7 October 2010--Back to Waverley this morning, where I pick up another Skoda, an Octavia Estate (that's a station wagon
to us Yanks). It's probably the largest car I've ever rented over here, and I'm a little apprehensive about negotiating the
narrow Highland roads with it. I'm also worried about getting to the airport in time to pick up the lads. I've cut it a little
close, and I'm thinking they might even be a bit early, as eastbound flights often catch a pretty good tailwind. My logic is
twisted--they're changing at Schiphol, and their connecting flight would not be affected. In fact, when I arrive, I find their
flight from Amsterdam has been delayed by an hour.
It's probably not the best use of time, once the lads are in, to sit in the airport Costa with a cup of coffee...but it's what I've done with Ron (except on Sunday in Aberdeen), and actually I find a bit of conversation and decompression help to get the trip off on the right foot. Not that we have anything pressing on the agenda, anyway. I've given the lads several choices for their first few hours in Scotland, and they go for the nap option. They get a couple of hours in back at the B&B while I catch up with the journal.
We catch the bus up to George Street--the boys enjoy the front seat upstairs--and I take them to the Standing Order for dinner. The cuisine at this Wetherspoon's pub is nothing to shout about, but it's quick, and the ornate former banking palace is worth seeing in itself. We end up sharing a table with a Pakistani gentleman who has lived in Scotland for a dozen years or so. Our conversation is quite enlightening. Always good to get fresh perspectives.
After dinner, we rush off to find the Pleasance Theatre, where we have tickets to see the Kathryn Tickell Band. Or so I believe. We miss the unmarked venue--not so much as a sandwich board on the sidewalk--and have to ask a local, who isn't too sure himself. When we arrive, I am deeply disheartened to discover that there is no record of my online ticket purchase, made weeks ago. As it turns out, there is no trouble getting three more (I'll straighten out the online thing later), for the show is woefully undersold. The sight of the few dozen attendees scattered around the theatre is more troubling than the ticket snafu. It's unconscionable that a top-notch performer like Tickell should not find a suitable audience in Edinburgh, and it seems that the problem lies with poor promotion. Thinking back, I had even more trouble finding the proper online ticket outlet (from whom I seem to have gotten no tickets, anyway) than we did finding the theatre. Bad enough not to seek out your audience actively; worse still when even enthusiastic and motivated fans literally cannot find you.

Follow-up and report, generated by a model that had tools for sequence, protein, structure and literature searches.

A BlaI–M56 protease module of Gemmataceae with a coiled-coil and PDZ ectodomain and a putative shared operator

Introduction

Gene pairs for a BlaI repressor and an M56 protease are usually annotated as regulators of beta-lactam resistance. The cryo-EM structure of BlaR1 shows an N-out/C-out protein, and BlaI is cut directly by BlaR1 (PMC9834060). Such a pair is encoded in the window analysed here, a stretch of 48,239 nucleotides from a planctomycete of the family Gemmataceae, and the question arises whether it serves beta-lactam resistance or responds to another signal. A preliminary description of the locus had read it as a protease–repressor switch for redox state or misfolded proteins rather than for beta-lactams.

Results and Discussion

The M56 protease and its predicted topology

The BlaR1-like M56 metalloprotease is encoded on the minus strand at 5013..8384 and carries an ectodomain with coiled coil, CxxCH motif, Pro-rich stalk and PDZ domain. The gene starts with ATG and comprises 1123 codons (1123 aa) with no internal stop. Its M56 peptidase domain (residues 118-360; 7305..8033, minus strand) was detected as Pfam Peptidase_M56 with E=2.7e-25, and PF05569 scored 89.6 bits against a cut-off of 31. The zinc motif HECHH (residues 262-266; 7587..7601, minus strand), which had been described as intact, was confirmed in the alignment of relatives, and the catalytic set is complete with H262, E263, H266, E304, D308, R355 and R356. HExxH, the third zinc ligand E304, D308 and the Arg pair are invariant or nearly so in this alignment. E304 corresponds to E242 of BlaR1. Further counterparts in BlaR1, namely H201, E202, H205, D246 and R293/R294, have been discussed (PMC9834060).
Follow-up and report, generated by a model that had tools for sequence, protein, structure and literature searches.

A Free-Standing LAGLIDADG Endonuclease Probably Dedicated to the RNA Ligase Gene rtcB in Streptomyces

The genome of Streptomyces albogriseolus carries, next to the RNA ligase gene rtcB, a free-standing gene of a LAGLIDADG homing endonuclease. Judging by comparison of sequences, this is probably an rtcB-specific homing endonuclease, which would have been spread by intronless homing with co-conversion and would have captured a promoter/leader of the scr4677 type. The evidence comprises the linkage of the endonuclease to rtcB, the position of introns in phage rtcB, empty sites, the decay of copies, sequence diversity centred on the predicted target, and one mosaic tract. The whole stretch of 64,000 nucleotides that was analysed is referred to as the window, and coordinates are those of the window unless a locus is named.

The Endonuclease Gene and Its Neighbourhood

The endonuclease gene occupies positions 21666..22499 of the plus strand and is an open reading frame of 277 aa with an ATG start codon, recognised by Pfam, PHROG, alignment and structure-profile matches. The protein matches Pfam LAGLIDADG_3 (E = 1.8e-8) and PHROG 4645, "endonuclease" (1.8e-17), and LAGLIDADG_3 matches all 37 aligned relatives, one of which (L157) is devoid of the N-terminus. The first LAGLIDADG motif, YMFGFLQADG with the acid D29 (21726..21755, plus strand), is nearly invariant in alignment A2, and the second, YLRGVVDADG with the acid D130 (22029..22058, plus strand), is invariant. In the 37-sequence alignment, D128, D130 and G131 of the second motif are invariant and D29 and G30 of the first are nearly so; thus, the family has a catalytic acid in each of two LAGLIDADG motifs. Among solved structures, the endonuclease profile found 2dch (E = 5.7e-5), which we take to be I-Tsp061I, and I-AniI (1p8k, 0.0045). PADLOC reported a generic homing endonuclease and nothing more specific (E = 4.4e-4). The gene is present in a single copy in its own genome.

The band, pros that they are, don't let that stop them from giving their all, and it's a great show. It's been six years since I last saw them, and as good as they were then, they are now that much more polished. Tickell, from the same northeast corner of England I've just vacated, is a virtuoso on the Northumbrian pipes and fiddle. She is joined by her brother Peter, a fine fiddler himself; guitarist Joss Clapp; and melodeonist Julian Sutton.
We have a chance to chat with various band members after the show, and then set off for a couple of pints at the Bow Bar, followed by a nightcap at the Standing Order. On the long walk back to the B&B, we encounter a fox wandering the streets of Canonmills. No, boys, this is not normal.